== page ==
At expiration, the maximum profit of $2,100 will be reached if XYZ is above $55 (the higher strike price) because both options will be exercised and the net between the two is $5,000. Subtract from $5,000 the initial cost of $2,900 to arrive at the net profit. At expiration, losses will be incurred if XYZ closes below $52.90, with the maximum loss of $2,900 occurring at any price below $50 (where both options expire worthless). If that occurs, you'd lose your initial investment.

Are you extremely bullish?

If you are very bullish on XYZ stock, you may want to consider the credit put spread in the following example. Here, you buy a put option and sell a put option with a higher strike price. The maximum gain on a credit spread will always be the amount of the initial credit. In addition, a credit spread has a margin requirement equal to the maximum loss, but the initial credit can be applied against it.

Note: In this example, you would receive a credit when the spread is established, yet you can still calculate the maximum gain, maximum loss and breakeven before the trade is entered.

Credit put spread example:

  • Buy 10 XYZ Nov 55 puts @ $3.00
  • Sell 10 XYZ Nov 60 puts @ $7.60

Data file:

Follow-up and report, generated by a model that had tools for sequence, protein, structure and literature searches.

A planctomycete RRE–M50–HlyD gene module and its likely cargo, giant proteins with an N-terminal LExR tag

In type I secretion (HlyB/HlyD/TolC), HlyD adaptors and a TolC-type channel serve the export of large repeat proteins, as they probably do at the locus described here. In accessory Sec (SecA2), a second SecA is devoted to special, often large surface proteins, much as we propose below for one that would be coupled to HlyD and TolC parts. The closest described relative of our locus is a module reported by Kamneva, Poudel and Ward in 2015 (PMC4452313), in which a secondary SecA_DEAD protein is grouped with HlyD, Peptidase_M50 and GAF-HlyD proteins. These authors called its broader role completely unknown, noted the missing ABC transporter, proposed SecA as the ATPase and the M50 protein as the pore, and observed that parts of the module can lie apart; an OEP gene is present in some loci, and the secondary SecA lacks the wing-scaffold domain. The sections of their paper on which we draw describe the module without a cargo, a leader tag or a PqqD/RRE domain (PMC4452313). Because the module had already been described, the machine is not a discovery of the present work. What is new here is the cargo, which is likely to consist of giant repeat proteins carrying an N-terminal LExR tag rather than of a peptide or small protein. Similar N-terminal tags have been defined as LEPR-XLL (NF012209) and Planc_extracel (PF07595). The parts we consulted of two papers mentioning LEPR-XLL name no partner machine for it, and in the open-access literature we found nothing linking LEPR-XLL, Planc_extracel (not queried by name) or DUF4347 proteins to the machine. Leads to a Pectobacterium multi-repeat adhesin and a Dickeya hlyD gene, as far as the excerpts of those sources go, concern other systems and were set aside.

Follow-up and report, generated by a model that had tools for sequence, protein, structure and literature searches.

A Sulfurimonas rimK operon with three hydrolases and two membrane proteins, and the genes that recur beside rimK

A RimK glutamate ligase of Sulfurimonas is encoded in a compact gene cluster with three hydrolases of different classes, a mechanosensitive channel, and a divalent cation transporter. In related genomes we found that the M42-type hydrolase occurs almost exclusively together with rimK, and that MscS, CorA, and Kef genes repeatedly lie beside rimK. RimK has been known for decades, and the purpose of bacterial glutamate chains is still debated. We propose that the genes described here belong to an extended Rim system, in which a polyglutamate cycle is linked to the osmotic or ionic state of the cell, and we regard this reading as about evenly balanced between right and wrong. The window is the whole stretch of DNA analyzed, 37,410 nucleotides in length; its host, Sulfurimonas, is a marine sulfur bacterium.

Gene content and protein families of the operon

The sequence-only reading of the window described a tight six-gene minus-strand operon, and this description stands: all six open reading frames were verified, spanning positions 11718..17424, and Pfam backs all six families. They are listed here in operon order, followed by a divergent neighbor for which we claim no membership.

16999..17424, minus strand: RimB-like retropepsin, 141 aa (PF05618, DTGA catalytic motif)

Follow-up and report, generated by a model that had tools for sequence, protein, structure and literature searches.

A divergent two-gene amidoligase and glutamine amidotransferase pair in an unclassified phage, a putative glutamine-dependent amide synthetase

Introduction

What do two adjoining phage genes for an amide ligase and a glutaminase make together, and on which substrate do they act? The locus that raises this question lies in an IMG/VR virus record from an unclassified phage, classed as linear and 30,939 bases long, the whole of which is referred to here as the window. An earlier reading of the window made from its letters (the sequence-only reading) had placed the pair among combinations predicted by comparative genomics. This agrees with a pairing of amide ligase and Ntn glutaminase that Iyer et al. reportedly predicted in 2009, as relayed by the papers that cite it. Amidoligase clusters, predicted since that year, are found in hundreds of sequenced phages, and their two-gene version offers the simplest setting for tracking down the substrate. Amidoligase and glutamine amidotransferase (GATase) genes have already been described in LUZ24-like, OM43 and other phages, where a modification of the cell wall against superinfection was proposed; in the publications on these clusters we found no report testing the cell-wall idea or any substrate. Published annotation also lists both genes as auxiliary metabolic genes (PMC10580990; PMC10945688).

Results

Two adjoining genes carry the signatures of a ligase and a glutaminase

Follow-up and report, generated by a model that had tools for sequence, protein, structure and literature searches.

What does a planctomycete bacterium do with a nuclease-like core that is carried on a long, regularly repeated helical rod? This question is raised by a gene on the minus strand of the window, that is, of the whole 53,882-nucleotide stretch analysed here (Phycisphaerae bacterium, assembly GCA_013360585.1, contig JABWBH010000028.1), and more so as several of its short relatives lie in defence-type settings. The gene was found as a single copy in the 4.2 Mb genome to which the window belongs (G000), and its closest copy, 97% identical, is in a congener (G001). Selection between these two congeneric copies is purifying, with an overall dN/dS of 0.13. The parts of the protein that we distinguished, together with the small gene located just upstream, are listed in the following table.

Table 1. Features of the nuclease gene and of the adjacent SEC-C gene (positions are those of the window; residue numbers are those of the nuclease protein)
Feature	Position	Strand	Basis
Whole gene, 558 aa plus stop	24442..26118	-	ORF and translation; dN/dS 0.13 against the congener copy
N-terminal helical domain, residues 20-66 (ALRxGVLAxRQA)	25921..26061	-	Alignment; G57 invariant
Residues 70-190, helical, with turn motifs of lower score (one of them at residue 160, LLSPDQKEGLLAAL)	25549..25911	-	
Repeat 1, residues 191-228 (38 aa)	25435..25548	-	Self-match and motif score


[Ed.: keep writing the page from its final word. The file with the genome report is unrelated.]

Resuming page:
• Credit = $4.60
  • Breakeven = $55.40 (Nov 60 strike price – credit amount)
  • Maximum gain = $4.60 (credit received)
  • Maximum loss = $0.40 (net of strikes – the credit)
  • Total margin requirements for this trade = $400 ([net of strikes – the credit] x [number of spreads] x [option contract multiplier]) or ([$60 – $55 – $4.60] x 10 x 100)

This example would be considered ITM because with XYZ at $52.76, both put options are ITM.  Because the chart above is dated October 5, these November options have about five weeks until expiration. By calculating the breakeven before entering the trade, you can see that with a breakeven price of $55.40, XYZ needs to increase considerably in price (by more than $2.64 before expiration) to be profitable.

At expiration, the maximum profit of $4,600 will be reached if XYZ is above $60 (the higher strike price), since both options will expire worthless, and the entire initial credit will be retained.